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EMN recommendations for COVID-19 vaccination in patients with MM

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Dec 22, 2021
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Multiple myeloma (MM) and other monoclonal gammopathies can increase patient susceptibility to infection, either as a direct result of disease characteristics and comorbidities, or treatment-mediated immune suppression. With regard to the COVID-19 pandemic, this can translate to prolonged infection and an increased risk of mortality following infection with SARS-CoV-2.1 In a recent podcast, Michel Delforge and Noopur Raje highlighted the increased vulnerability of patients with MM to infections, including COVID-19.  

Historically, patients with MM also demonstrate suboptimal vaccine-mediated antibody responses. As a result, a number of studies are evaluating anti-SARS-CoV-2 antibody perseverance in patients with MM following infection and vaccination. Although ongoing, data from these studies suggest a suboptimal SARS-CoV-2 antibody response in patients with MM, highlighting a need for close monitoring and clinical management.1

In contrast to MM, data from the iStopMM study (N = 75,422) suggest that monoclonal gammopathy of undetermined significance (MGUS) is not associated with an increased risk of SARS-CoV-2 infection and COVID-19 severity. This important finding highlights immune response variation between patients with MM and MGUS, influencing guidelines on the treatment and management of these patients moving forward.2

A review by Heinz Ludwig and colleagues1 consolidated the latest European Multiple Myeloma Network (EMN) consensus guidelines on COVID-19 vaccination in patients with MM, below is a summary.

Treatment

Anti-myeloma treatments, particularly anti-CD38 therapies, can impair patient immune responses. Limiting immunosuppression in patients undergoing treatment for MM and other monoclonal gammopathies has become ever more pressing throughout the COVID-19 era. There are a number of studies evaluating approaches to reduce the risk of severe COVID-19 disease in these patients, including over 560 clinical trials evaluating active treatments for COVID-19. The recommended treatment adaptations and key considerations are outlined in Figures 1 & 2.

Figure 1. Adaptations of treatments for patients with monoclonal gammopathies throughout the COVID-19 pandemic*

ADCs, antibody-drug conjugates; BiTEs, bispecific T-cell engagers; CAR, chimeric antigen receptor; mAb, monoclonal antibody; MM, multiple myeloma.
*Information from Ludwig, et al.1

Figure 2. Guidelines on the prevention and treatment of COVID-19 in patients with monoclonal gammopathies*

EMA, European Medicines Agency; FDA, U.S. Food and Drug Administration; mAbs, monoclonal antibodies.
*Information from Ludwig, et al.1

Vaccination

Real-world data suggest that patients with MM are generally willing to receive a COVID-19 vaccine, more so than the general population. The EMN has set out vaccination guidelines for healthcare professionals involved in the treatment and care of patients with MGUS, smoldering multiple myeloma, multiple myeloma, and monoclonal gammopathies of clinical significance (Figure 3). It has been recommended that all patients with these conditions be vaccinated against COVID-19.

The guidelines recognize uncontrolled disease, immunoparesis, >1 previous line of therapy, specific treatment classes, and older age as risk factors for inferior responses to COVID-19 vaccination. Despite not receiving backing from the Centers for Disease Control and Prevention, analyzing patient vaccine responses is crucial to identify those with suboptimal anti-SARS-CoV-2 responses and who might benefit from a third dose.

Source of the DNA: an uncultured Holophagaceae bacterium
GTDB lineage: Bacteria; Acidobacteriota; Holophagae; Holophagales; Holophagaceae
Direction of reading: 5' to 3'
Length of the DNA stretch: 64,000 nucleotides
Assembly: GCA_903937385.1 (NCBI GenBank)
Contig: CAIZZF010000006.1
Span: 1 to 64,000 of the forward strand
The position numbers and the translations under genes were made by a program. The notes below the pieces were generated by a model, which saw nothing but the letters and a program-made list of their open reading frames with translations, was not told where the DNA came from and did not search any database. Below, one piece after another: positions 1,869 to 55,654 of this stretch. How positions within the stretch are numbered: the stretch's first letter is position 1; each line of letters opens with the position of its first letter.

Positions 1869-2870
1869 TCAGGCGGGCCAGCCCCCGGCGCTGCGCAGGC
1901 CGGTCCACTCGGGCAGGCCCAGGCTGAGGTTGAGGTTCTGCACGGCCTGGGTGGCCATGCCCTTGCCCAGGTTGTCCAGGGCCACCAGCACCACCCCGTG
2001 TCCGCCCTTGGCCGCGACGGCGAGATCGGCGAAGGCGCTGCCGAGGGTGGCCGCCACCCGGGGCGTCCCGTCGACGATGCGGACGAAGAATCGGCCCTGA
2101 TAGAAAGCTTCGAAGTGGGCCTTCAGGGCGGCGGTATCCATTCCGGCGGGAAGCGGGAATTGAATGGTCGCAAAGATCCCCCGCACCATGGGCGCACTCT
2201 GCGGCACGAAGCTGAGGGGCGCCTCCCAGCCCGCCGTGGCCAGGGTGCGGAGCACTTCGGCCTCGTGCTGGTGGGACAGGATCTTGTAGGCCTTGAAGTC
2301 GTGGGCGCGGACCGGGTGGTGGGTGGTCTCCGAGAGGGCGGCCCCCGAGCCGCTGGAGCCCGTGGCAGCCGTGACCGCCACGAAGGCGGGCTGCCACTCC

Figure 3. Guidelines on the vaccination of patients with monoclonal gammopathies against SARS-CoV-2*

ASCT, autologous stem cell transplantation; CR, complete response; EMN, European Multiple Myeloma Network; mAb, monocolonal antibody; MGCS, monoclonal gammopathy of clinical significance; MGUS, monoclonal gammopathy of undetermined significance; MM, multiple myeloma; MRD, measurable residual disease; SMM, smoldering multiple myeloma; VGPR, very good partial response.
*Information from Ludwig, et al.1
Lenalidomide maintenance therapy is an exception.
Vaccination should be considered on an individual basis to account for patients with poorly controlled disease undergoing continuous therapy.

Conclusion

The EMN COVID-19 consensus recommendations provide guidance around the vaccination strategy for patients with monoclonal gammopathies. The guidance also covers the treatment and management of both the underlying disease and COVID-19 in these patients, with the aim to reduce the risk of infection, severe disease, and mortality. The Multiple Myeloma Hub was pleased to receive comment from primary author, Heinz Ludwig:

Expert Opinion

Many myeloma patients have an increased risk for COVID-19 infections, a prolonged course of infection, and mortality. Hence, monitoring the immune response to vaccination and adapting management such as recommendation of additional vaccine doses, and social distancing is important. Further options are the administration of monoclonal antibody cocktails and hopefully soon treatment and prophylaxis with antiviral drugs.

  1. Ludwig H, Sonneveld P, Facon T, et al. COVID-19 vaccination in patients with multiple myeloma: a consensus of the European Myeloma Network. Lancet Haematol. 2021;8(12):E934-E946. DOI: 1016/S2352-3026(21)00278-7
  2. Rögnvaldsson S, Eythorsson E, Thorsteinsdottir S, et al. Monoclonal gammopathy of undetermined significance and COVID-19: Results from the population-based Iceland screens treats or prevents multiple myeloma study (iStopMM). Oral abstract #154. 63rd American Society of Hematology Annual Meeting and Exposition; Dec 11, 2021.

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